Negligence law encompasses a wide range of activities from car accidents to slip and fall cases. The four elements of negligence include: duty, breach, causation and damages. In some cases, the pertinent question is whether the defendant even owed plaintiff a duty. This is exactly the question the court addressed in the case of Oleckna v. Daytona Discount Pharmacy in regards to the duty of care a pharmacy owes its customers.
The facts of the case are as follows: A man was being treated for “stress syndrome” characterized by excessive anxiety and pain. He was being treated with prescriptions for various drugs, including Alprazolam and Acetaminophen combined with either Oxycodone or Hydrocodone. The treating physician kept prescribing these drugs over a two year time span. However, new prescriptions were given to the man before the old supply of drugs ran out. In other words, the man was consuming the drugs faster than he should have been. The pharmacy allegedly filled thirty or more prescriptions written days before the previous prescription should have been finished. The man ultimately died from an overdose of prescribed medication.
The man’s estate sued the pharmacy, claiming that the prescriptions were issued too closely in time and should only have been issued when the preceding ones had been exhausted. Put another way, the man’s estate alleged that the pharmacy was negligence because it continued to fill prescriptions so closely in time that the patient could suffer an overdose.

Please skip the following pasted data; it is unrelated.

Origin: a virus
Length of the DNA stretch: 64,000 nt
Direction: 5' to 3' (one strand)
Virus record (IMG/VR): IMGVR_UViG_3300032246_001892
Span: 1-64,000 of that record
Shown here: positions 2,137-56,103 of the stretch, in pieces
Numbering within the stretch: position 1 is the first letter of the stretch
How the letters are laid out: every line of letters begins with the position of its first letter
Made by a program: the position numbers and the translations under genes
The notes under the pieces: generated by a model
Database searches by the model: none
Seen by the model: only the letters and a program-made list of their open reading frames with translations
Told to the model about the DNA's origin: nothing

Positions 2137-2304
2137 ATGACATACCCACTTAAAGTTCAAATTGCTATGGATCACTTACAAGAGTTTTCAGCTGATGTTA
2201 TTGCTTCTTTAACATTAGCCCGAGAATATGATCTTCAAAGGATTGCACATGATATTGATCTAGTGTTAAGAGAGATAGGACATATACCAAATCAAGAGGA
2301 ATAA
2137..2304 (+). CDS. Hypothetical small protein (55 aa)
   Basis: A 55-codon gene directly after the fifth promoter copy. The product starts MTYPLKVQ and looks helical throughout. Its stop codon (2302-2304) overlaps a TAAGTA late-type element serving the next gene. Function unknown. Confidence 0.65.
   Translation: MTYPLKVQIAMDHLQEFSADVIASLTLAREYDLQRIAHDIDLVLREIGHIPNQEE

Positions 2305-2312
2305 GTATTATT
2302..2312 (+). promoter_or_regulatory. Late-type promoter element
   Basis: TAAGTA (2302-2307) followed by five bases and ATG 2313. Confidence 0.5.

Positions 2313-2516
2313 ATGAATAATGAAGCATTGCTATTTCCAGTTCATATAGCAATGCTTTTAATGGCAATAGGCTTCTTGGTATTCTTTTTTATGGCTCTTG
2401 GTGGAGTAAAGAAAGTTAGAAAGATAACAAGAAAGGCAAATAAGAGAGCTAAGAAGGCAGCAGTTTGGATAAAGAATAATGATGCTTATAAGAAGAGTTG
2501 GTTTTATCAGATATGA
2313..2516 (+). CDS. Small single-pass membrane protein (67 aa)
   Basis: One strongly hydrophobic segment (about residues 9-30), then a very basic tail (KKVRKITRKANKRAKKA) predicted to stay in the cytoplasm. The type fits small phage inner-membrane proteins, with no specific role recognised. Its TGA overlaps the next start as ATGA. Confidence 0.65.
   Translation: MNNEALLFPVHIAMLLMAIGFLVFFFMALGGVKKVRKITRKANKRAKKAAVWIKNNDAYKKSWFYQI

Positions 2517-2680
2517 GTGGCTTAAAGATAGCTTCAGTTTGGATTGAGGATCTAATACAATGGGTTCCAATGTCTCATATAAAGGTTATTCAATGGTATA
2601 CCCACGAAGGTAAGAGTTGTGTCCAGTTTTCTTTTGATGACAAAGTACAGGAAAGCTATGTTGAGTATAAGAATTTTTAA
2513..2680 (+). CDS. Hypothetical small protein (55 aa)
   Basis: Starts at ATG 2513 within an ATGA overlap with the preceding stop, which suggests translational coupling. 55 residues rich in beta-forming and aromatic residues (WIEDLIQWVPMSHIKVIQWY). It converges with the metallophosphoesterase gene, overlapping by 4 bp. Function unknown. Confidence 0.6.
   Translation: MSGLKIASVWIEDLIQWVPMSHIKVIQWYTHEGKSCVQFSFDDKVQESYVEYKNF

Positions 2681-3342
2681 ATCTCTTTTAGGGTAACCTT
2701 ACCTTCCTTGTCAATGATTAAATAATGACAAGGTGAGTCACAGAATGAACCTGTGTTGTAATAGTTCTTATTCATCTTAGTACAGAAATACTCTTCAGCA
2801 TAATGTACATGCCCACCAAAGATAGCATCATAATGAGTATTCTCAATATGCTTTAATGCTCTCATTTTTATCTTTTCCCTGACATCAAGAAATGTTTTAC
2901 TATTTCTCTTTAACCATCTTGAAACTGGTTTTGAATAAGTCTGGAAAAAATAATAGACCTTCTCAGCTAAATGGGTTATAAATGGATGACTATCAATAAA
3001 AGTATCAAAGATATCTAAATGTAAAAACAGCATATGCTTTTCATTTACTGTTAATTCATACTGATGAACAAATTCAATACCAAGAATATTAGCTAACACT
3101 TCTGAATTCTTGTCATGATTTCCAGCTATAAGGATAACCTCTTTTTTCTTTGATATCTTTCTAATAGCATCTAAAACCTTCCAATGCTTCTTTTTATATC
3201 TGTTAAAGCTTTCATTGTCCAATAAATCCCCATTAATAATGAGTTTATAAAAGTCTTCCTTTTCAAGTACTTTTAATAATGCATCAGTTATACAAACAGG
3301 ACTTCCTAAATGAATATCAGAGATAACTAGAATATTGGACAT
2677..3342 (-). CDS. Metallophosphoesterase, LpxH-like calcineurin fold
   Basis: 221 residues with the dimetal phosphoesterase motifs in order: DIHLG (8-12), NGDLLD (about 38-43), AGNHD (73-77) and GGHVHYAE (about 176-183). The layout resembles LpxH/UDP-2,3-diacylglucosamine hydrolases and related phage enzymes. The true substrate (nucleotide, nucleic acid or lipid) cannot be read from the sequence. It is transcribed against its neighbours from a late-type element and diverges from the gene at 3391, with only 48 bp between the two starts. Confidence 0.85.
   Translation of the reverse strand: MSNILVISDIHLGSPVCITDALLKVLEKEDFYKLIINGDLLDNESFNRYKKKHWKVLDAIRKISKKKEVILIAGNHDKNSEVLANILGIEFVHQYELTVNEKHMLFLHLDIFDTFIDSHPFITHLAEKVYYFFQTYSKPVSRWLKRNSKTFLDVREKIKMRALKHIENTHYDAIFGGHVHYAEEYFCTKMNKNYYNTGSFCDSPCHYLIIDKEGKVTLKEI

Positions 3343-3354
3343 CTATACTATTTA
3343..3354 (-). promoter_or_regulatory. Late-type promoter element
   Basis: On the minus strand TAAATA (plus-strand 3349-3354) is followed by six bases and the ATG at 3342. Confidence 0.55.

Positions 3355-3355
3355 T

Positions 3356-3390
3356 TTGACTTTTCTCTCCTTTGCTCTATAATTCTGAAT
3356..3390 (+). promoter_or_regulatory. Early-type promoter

The trial court dismissed the complaint with prejudice, ruling that the pharmacy did not owe the man a duty other than to fill the prescriptions accurately.
The appellate court reversed the lower court’s ruling. The court reasoned that the pharmacy owed a duty to the man beyond simply filling the doctor’s prescription accurately. Pharmacies owe customers a duty of reasonable care. Reasonable care is defined as the level of care a sensible or prudent pharmacist would use in the same or similar circumstances. Here, the prescriptions in question were written in a quantity, frequency, dosage or combination that a reasonable pharmacist would have been put on alert to either check with the prescribing physician or warn the patient of the potential dangers. The court explained that pharmacists have a responsibility to their customers that goes beyond “robotic compliance” with the instructions of a prescribing doctor.
This decision broadens the scope of negligence law and encourages healthcare professionals to be vigilant in their actions.
If you have been injured in Florida, it is important to seek the help and guidance of a qualified personal injury attorney. At the Law Offices of Robert Dixon, we have helped countless clients resolve their injury claims and we can help you as well. We understand the nuances of this area of the law. We will work diligently to collect the facts in your situation and give you a realistic legal assessment of your case. For more information, please do not hesitate to contact us online or call us today at 1-877-499-HURT (4878) for a free, confidential consultation.
More Blog Posts:
Negligent Supervision of Children in Florida, South Florida Injury Lawyer Blawg, March 19, 2015
Documents Prepared in Anticipation of Litigation Not Discoverable in Florida Premises Liability Case, South Florida Injury Lawyer Blawg, March 9, 2015
Chain Reaction Accidents in Florida, South Florida Injury Lawyer Blawg, March 9, 2015